Implementing the FAI Player Development Plan.
With the season now over for some parts of the academy, we can now reflect on how the FAI PDP plan was implemented accross our own games and the many others that we have observed from many club visits over the past eight months.
This season was my first in six years where I was part of the coaching team for u10s girls. Nicole my 17 year old daughter who has a PDP1 qualification had taken the team at the start of the season and I was the designated driver/assistant.
When the PDP plan was introduced by the FAI Ruud Dockter the FAI High Performance Director travelled the country with staff from the FAI hosting seminars on how the plan was to be implemented. The plan seen a new emphasis on developing better technical players from the younger age groups and introducing a unified coaching
philosophy as opposed to the win at all cost mentallity.
Pitch sizes combined with the number of players on the field of play were all now age appropriate with a gradual build up through the age groups to the full size game. Small sided games encouraging many touches on the ball was the starting point with U6 & u7s playing 4v4, u8/9s 5v5, u10s/11s 7v7, U12s 9v9 with offsides and u13s plus 11v11. Along with this there was a recommendation on sqaud sizes and the duration of players playing times on the pitch ensuring that all players regardless of ability were treated with respect and got a fair number of minutes on the pitch. At the younger age groups the pitch was divided into thirds and a retreat line was introduced in the final third to encourage the player in goal to start the play with a game related decision and a pass to his defenders.
A unified size five football was also to be introduced with a different weight per age group. This ranged from 290g u6/8s, 320gs u9s/11s, 370gs u12/14 into 450g regular weight at u15 and above. Initially this was a huge outlay and cost to all schoolboy clubs to roll out new footballs throughout their clubs with many having multiple teams at each age groups with meant a range of different footballs.
We as an academy and in conjunction with our sister club RFA Swans have adopted the PDP plan and have carried it out on a weekly basis with both our boys and girls section. Across the course of the season we have travelled to many grounds and in general the implementation of the plan has being brilliant. The pitch sizes can vary throughout and that can be for a number of reasons at each individual clubs including our own, but on 90% of occasions this is not an issue. Each club as the home teams provides the appropriate match ball and the roll off roll on substitutes have worked extremely well. There always seems to be players getting plenty of football.
The retreat line was introduced to encourage a new philosophy or way of playing into our players from an early age. The goalkeeper at the time is now encouraged to make a game related decision before performing a football action and playing a pass to either of his defenders. The opposition are allowed one attacker inside the retreat line to make it a 3v1 scenario (GK + 2 Defenders v 1 Atacker). Its our responsibility as coaches to encourage this as the correct way of playing regardless of the enevitable mistakes that our young players will make in the learning process.
Over the course of the season the referees or facilitators in charge have being fantastic. I have personally witnessed the referees bring both sides together at the start of some games and together with both sides identify the retreat line that's marked with a red cone and explain the rule to both teams pre match. However as a grassroots coach this is where my frustration beings. We have done so well to this point to put the plan in place, change the sizes of the pitch and playing squads, give players equal time on the pitch, identify a development phase opposed to the forementioned win at all cost, identify where the retreat line is and then bang! The first time the opposition keeper has a goal kick the defender is asked to kick the ball out, straight down the pitch as far as possible. Let me state this hasn't happened every week but between the boys friendly games that we have played and agreed that we were playing in relation to the PDP plan and our girls games it's definitely up at a minimum 75% where the plan goes out the window.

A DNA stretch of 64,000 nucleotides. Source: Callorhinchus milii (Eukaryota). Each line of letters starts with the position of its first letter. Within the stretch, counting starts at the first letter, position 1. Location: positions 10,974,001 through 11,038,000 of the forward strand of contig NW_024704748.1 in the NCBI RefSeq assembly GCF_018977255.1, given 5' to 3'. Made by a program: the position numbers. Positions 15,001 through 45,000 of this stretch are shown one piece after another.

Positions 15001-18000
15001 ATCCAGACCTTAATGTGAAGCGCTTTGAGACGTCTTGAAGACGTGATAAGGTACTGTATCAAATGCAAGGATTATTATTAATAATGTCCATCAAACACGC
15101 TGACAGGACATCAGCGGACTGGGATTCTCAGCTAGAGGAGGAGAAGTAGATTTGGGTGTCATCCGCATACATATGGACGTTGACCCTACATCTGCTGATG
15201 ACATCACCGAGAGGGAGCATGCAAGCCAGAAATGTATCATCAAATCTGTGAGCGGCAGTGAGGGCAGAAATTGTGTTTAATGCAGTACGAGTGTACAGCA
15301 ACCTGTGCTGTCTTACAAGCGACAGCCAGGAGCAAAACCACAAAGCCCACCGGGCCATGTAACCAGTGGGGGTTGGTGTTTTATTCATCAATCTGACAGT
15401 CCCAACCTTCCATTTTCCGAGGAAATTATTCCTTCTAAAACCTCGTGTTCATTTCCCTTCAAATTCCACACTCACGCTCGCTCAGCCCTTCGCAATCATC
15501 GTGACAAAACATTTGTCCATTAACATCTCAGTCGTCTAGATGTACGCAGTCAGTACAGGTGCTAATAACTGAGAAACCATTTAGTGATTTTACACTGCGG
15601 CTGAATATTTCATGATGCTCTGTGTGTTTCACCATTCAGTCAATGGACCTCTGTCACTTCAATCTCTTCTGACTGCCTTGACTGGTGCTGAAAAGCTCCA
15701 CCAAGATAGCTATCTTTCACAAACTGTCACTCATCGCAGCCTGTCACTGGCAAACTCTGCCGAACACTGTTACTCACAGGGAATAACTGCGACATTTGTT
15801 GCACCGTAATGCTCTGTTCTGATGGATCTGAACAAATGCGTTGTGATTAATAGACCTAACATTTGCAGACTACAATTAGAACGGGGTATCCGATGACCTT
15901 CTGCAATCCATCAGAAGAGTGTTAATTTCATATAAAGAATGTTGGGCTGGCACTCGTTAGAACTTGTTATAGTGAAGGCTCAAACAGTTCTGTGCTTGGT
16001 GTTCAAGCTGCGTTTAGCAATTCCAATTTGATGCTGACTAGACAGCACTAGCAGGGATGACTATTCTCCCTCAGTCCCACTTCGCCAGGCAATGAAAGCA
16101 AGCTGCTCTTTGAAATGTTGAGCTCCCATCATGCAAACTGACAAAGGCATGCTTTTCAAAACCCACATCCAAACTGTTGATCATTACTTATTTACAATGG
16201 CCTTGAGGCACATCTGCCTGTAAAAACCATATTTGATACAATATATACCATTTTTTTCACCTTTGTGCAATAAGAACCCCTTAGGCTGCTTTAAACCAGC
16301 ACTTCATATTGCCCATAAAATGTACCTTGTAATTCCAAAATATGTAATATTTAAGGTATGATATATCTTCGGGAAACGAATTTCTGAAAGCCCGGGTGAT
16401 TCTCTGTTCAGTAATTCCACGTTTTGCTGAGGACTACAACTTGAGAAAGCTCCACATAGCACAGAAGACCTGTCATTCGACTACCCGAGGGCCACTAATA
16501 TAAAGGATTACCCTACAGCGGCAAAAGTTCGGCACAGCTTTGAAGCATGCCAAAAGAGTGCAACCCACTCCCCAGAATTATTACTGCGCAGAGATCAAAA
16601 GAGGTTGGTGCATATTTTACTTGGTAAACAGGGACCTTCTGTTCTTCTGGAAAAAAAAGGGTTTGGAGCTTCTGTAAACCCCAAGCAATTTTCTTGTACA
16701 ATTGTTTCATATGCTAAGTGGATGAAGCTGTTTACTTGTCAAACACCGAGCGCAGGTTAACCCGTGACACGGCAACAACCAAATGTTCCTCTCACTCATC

On numerous of occasions our coaches have being left looking at each other going what's that all about. Yes before anyone start's I get that it's none of my business on how other coaches at other clubs choose to coach or implement things on matchday. Maybe they are instructed by the club or its the clubs playing style to do what they do. For me they have taken away the opportunity for our front player to go about defending from the front in a 3v1 situation. You may argue that they are challenging our players in a different way, but I don't know too many u10s or u11s that fancy heading the ball.
This leads me to the question. Should the referee the man in the middle be asked to encourage the retreat line part of the PDP? Is encourage too soft of a word? If we are to develop technical players from a young age and we as clubs have bought into the PDP plan should the referees be asked to enforce the retreat line. My other question is why do coaches in charge of grassroots teams continue to have their players wallop the ball up the pitch from a goal kick? It's clearly for the fear of making a mistake, putting yourself under pressure and the unthinkable scenario of conceding a goal from your own goal kick.
Development football v win at all cost?
After all that the main point of the PDP plan that's getting all the focus at the moment is the calender football debate. Regardless what time of the year we eventually end of playing the quest to develop technical footballers will continue.
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